Apologetics 1

What exactly is apologetics? A persistent and socially awkward Christian with all the answers to everything may come to mind. All too often, apologetics is associated with arrogance. But what about biblical apologetics? The word comes from Peter's use of the word apologia in 1 Pet. 3.15-16: "but in your hearts regard Christ the Lord as holy, always being prepared to make a defense to anyone who asks you for a reason for the hope that is in you; 16 yet do it with gentleness and respect, having a good conscience, so that, when you are slandered, those who revile your good behavior in Christ may be put to shame."

Note 4 things about the text. First, the hope that is in you must be attractive enough for non-Christians to want to ask you about it. An arrogant attitude will never produce such a question. Second, note verse 16. Gentleness and respect are crucial to the apologetic task. Third, Peter expects all believers to be involved in apologetics. He does not reserve the task for only those with theological or philosophical backgrounds. We are all to be able to give a defense to anyone who asks about our hope. Fourth, note that Peter begins by admonishing the believer to regard Christ as the Lord who is holy. Christ is Lord over all aspects of the believer's life. This will be worked out in a later post.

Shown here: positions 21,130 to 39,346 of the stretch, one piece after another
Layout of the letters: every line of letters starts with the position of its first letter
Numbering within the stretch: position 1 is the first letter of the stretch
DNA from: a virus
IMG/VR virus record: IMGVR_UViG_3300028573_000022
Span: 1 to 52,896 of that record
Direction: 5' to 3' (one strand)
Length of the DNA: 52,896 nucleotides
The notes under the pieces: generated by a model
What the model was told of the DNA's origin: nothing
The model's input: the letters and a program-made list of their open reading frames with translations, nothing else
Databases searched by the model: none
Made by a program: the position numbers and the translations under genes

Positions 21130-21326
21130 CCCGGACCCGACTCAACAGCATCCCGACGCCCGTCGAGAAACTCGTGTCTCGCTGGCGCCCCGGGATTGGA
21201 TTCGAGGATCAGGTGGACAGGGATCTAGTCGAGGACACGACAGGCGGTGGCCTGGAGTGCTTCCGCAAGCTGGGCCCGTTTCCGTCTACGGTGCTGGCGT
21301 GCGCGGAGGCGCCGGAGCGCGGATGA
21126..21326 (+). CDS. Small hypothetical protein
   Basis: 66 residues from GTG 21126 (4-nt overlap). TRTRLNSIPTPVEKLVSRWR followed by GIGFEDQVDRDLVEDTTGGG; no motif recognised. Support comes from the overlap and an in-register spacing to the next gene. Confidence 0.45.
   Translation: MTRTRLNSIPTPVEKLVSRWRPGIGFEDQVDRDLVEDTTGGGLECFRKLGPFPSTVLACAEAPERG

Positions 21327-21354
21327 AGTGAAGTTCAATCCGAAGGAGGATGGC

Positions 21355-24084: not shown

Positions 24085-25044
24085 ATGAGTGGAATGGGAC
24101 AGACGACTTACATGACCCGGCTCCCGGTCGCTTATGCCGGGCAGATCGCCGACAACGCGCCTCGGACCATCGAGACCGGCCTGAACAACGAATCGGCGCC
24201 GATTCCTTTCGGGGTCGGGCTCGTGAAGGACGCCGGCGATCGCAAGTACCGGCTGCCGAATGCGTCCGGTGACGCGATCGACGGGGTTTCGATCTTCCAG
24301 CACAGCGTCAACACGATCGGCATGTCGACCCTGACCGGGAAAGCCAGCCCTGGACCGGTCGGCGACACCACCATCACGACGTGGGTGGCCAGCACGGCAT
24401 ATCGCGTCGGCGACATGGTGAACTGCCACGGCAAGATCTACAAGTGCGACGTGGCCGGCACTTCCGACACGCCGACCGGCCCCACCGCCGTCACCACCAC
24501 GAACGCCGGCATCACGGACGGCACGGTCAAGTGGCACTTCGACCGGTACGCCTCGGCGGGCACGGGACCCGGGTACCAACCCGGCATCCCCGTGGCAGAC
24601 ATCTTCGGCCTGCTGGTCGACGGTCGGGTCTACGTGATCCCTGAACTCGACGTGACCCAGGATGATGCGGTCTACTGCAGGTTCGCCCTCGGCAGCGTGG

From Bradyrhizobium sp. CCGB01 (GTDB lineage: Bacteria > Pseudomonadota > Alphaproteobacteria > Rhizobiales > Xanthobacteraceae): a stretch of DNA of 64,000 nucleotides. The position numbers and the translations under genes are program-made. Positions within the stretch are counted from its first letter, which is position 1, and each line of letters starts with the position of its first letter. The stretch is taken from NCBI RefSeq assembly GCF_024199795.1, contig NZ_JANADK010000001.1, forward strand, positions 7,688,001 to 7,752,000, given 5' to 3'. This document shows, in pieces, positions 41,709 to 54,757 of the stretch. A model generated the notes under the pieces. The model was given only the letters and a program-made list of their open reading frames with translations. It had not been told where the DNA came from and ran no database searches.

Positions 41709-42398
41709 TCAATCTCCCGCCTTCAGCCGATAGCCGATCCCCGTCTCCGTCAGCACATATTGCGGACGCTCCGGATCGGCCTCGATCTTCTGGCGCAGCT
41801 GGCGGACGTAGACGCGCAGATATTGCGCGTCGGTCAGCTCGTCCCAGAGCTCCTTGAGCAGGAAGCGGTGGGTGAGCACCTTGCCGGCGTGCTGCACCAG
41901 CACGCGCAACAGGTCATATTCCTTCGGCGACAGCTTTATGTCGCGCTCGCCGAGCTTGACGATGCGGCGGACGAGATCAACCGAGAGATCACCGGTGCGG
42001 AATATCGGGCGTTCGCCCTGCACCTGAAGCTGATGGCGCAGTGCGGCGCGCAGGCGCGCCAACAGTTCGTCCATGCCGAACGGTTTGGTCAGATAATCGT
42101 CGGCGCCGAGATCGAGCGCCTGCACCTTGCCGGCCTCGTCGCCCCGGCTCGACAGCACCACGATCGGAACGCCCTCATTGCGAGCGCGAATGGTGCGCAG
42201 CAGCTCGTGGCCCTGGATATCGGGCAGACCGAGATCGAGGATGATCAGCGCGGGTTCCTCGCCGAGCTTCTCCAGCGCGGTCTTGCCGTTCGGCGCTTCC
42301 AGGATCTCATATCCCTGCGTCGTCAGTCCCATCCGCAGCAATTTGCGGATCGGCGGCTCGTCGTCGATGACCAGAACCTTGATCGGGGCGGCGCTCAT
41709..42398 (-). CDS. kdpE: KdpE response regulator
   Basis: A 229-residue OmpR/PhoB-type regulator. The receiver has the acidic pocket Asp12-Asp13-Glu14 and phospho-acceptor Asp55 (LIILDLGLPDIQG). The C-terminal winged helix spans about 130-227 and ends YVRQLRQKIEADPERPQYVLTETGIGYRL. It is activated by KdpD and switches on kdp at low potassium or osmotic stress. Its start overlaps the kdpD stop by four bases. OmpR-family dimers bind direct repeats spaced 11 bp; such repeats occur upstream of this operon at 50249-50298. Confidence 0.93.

So back to our question. Apologetics is commonly defined as the defense of the faith. This is certainly true, but the Christian must not remain on the defense. We must take the offense, destroying every argument and lofty opinion that is raised against the knowledge of God (2 Cor 10.5). All too often, Christians are backed into a corner and are required to defend, defend, defend. This should not be the case. The best defense is a good offense. Scripture is filled with military language and we are to go on the attack to any philosophy that is according to the tradition of men and elemental principles of the world, and not according to Christ (Col 2.8). We are to show non-Christians that they are morally hopeless, and intellectually bankrupt outside of the self-attesting Christ of Scripture.

Frame defines apologetics as the application of Scripture to unbelief. I am very happy with this definition, as it implies offense and defense. It also shows that apologetics, evangelism, and theology are intimately connected. Theology is the application of Scripture to all areas of life and apologetics and evangelism are the sharing and vindicating of your theology (or worldview) as a whole. It is all a package deal.
Ask yourself if you are being obedient to Peter's admonition. Is the hope you have in Christ evident to those around you? Are you ready to give a defense to anyone who asks?